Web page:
Like your videos.  I have a question though that no one seems to address.  What if you are playing(doubles) I am a 4.0 player playing with a 3.0 player.  My opponents are 4.0 and 3.5.  Getting to the net may not make sense here. The 3.0 player will not go to the net.  At the net he is not quit good enough to hit volleys from the 4.0 player and gets pounded.  Here I play two back and go to the net together.   This actually happens a lot during league play, RR drop ins etc.  This situation will happen to me this Wednesday on my Men’s Doubles League.  I moved down to a lower level court because of a back injury and couldn’t play very well.  The 3.0 player is essentially a target for the 3.5 and 4.0 players.  

    What are your thoughts on playing in a group that is not at the same level(doubles)?  

  • Stefanos

    perfect video,thank you so much

  • Achanks

    Hi Will
    I play regularly with a friend who is incredible consistent.  He just gets the ball back into play, round about mid court on my side, not much pressure, ball floats a bit etc.  I am not as consistent so after I move forward in my CP to try to put more pressure, hopeful of an eventual volley to put the ball away.  But 9 out of 10 times, I make a mistake in doing so and lose the point.

    What is your advice?  I am thinking of trying to improve my forehand a bit more to try to put more pressure in QOS and moving forward in CP to try to put the ball away. (need to improve in QOS for my volleys as well!!)  If I rally with him (say up to 15 shots!!) I tend to lose because he is incredibly consistent in getting the ball back.  Advice? 

  • Markleychilds

    good stuff.  am sending to my usta team mates.  thanks.

  • Mediterraneanblue2010

    I love this. Are you a former math teacher?!!

  • asb

    totally agree, but when I try playing from nearer the baseline with guys bigger and older than me with heavier Top Spin, I need to jump and most often than not end up giving them short balls. At 13 how do I imply this.

  • asb

    totally agree, but when I try playing from nearer the baseline with guys bigger and older than me with heavier Top Spin, I need to jump and most often than not end up giving them short balls. At 13 how do I imply this.

  • Penny kuhn

    Thanks very much! Very helpful to think of the trade offs between position and shot quality, appreciate it.

  • Cleek58

    Will love your stuff, I coach H.S. level and use your video’s and strategy to teach my athletes all the time

  • Johnfumaster

    Lately, I’ve been moving forward to the net more when I’m playing doubles, however, I tend to get caught out by doing so, either sidelined, or the opponents hits the ball at me and the ball lands near my feet, making it a very difficult half volley.  As you can imagine, that’s quite frustrating.  I’ll continue trying to time my moves a little bit better though.  Anything you’d like to add?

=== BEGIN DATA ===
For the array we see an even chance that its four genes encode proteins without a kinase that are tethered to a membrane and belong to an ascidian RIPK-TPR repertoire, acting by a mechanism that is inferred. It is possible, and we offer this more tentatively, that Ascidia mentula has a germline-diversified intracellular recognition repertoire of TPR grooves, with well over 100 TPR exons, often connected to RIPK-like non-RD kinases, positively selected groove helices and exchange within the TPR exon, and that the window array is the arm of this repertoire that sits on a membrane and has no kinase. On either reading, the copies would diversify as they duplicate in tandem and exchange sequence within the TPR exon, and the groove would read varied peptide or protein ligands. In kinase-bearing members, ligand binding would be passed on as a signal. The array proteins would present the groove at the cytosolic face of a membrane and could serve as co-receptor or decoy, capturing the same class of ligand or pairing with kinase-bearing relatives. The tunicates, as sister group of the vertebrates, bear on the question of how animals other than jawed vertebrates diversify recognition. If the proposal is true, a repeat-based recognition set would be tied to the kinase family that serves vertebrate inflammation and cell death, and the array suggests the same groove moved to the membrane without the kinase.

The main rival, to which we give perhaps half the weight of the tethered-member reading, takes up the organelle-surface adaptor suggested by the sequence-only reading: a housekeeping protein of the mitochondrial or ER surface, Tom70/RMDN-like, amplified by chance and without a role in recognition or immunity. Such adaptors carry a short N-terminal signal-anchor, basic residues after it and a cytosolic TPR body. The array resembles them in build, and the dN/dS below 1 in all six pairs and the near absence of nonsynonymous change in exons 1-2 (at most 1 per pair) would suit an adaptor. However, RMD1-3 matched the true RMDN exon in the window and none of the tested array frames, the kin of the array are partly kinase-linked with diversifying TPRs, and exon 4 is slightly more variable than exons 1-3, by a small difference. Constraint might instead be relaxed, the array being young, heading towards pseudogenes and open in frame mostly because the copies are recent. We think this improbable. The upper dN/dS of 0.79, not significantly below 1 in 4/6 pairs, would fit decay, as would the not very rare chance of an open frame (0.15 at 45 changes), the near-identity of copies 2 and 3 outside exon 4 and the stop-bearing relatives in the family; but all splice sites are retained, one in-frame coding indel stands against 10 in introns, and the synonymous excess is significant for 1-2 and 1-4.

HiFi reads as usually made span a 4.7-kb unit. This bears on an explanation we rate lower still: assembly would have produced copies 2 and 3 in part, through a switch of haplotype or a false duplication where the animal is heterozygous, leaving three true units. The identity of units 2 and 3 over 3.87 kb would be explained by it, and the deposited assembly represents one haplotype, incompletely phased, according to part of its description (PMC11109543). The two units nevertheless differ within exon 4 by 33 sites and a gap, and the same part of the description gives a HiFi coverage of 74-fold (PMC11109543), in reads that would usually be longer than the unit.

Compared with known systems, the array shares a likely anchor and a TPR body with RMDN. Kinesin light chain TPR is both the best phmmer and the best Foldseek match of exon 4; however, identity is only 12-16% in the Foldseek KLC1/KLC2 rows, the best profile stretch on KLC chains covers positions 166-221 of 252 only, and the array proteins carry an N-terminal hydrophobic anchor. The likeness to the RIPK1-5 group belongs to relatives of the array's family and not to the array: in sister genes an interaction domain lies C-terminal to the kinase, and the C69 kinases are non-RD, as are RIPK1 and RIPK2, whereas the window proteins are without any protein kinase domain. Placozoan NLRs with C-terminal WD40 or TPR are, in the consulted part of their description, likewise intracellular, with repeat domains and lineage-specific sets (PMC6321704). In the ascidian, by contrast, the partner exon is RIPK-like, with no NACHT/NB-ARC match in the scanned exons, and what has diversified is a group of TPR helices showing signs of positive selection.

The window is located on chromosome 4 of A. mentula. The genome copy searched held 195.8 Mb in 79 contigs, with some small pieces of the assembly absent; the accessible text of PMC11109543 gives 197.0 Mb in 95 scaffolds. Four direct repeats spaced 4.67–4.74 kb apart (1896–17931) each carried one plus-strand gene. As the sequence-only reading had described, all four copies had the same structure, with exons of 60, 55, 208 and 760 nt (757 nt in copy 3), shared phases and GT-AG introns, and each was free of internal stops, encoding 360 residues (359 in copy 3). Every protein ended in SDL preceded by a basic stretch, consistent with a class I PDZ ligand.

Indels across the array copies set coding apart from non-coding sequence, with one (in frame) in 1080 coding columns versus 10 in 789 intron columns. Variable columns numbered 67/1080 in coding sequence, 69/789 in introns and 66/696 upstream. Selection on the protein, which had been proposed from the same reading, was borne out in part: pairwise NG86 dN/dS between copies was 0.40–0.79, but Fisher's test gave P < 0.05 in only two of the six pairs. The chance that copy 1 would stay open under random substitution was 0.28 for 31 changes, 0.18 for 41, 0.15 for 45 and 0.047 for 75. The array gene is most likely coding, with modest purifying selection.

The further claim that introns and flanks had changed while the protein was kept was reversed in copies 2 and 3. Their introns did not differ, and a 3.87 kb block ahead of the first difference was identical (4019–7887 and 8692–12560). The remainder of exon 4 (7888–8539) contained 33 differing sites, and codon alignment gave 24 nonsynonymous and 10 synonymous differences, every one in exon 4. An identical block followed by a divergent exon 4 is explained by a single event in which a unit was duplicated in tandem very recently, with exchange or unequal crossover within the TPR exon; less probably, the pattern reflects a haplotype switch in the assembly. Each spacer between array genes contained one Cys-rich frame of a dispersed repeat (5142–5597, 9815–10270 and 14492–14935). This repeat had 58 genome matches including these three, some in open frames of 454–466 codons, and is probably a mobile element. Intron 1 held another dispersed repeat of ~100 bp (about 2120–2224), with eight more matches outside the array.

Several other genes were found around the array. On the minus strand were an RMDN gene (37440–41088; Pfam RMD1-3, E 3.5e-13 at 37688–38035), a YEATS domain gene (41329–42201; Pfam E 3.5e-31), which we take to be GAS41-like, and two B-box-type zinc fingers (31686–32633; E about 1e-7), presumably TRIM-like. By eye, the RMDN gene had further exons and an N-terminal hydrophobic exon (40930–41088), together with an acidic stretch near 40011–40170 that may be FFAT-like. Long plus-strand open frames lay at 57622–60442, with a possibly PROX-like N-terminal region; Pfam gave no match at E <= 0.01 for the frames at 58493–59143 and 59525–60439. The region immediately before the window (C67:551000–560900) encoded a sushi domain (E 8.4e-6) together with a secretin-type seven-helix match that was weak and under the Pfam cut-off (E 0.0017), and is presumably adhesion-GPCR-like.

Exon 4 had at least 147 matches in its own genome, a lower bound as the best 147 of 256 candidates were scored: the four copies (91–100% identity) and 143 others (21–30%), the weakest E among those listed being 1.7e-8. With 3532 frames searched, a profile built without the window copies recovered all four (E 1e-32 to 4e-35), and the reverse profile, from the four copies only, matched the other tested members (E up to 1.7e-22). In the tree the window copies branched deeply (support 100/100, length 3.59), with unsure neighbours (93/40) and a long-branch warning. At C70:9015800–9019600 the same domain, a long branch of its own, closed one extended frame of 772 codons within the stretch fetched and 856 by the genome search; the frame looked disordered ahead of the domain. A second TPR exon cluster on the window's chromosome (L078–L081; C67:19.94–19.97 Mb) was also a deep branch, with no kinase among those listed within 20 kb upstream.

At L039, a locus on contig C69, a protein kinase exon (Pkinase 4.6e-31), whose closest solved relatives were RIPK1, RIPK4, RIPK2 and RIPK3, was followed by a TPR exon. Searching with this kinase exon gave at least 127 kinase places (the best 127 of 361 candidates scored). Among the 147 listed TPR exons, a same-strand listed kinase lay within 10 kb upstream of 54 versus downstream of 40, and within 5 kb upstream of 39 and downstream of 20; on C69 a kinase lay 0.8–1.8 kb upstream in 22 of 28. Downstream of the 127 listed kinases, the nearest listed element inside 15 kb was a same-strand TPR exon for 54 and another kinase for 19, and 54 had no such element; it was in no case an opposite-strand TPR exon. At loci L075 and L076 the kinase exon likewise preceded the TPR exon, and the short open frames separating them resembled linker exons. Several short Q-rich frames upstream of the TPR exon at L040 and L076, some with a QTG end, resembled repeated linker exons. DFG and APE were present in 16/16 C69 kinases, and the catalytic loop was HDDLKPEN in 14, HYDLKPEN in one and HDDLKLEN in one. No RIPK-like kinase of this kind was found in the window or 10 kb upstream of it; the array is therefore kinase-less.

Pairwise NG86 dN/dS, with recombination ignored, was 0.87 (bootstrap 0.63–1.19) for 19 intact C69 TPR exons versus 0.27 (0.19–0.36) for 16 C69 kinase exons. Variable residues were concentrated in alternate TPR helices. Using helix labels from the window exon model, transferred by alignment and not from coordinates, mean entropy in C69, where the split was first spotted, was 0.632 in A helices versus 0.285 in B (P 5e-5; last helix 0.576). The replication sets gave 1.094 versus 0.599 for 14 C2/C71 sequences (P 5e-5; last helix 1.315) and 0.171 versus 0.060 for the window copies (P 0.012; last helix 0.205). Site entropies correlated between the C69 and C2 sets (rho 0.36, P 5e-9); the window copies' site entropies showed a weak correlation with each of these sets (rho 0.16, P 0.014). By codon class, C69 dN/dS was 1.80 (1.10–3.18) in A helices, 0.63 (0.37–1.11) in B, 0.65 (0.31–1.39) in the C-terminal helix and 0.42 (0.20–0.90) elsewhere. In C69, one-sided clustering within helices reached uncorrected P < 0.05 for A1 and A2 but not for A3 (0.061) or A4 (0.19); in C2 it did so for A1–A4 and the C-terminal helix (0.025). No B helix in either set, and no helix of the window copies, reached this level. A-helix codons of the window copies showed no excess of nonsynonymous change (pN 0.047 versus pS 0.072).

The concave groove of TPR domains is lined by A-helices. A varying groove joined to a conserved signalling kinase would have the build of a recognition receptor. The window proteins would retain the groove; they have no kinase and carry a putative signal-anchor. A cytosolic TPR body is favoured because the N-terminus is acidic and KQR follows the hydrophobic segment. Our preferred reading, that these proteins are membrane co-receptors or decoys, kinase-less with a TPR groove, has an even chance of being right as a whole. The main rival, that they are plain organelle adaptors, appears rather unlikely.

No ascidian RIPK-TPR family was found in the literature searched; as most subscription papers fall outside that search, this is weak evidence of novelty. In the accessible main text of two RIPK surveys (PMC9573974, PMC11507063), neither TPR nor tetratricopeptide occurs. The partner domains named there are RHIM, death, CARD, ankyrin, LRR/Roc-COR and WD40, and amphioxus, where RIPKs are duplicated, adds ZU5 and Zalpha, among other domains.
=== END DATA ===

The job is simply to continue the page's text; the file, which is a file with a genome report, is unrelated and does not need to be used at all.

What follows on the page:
• Jules

    good tips

  • http://pulse.yahoo.com/_EXKZZDAND3YOKRVIPTW7II3VEA John

    I think it would be useful to make a mention of the Wardlaw directionals here as to where good court positioning is. Hitting it to 3, to a rec players backhand puts your opponent in Neutral or Defense. 

    On the other hand, if you miss your target by 2 feet to the left 2 feet inside the baseline, then you’ve put your opponent into an offensive position. He can hit a forehand back at your backhand(which most rec players hate) or take an inside shot and pull it down the line. 

    I don’t have stats, but I’d say that Graf and Federer generated more winners off that shot to 3 where the opponent fails to drive it deep enough and/or wide enough and opened up the forehand.

  • Kcats33

    Good Tips.  I have been moving forward when playing doubles from the baseline and it has made a big difference.  It has been easier to win games.

  • John

    Thanks.  Your videos on strategy have made me a much better rec player.  Unfortunately, my usual competitor has been improving, as well.  My level of play has dramatically improved, but my number of wins have not.  lol  Keep sending videos.

  • Betty

    Great lesson as usual.  I am still a little confused about DNO.  Say if I got to 4, but since I do not own quality shots, Does that means I should still play defensively?  So unless one can produce QoS, one cannot play offensive games?  What are the characteristics of a quality shot?  My opponents are always beating me in matches and I try to play deep and hard, but that does not always work. I do not know why their shots are better than mine because I do not know how to recognize them so I am not prepared to counter them.  What are your thoughts.

    Betty

  • Stavroula

    Ich kongratuliere Sie fuer Ihr IQ.Thanks again, for your super advice.

  • http://www.fuzzyyellowballs.com/ Will Hamilton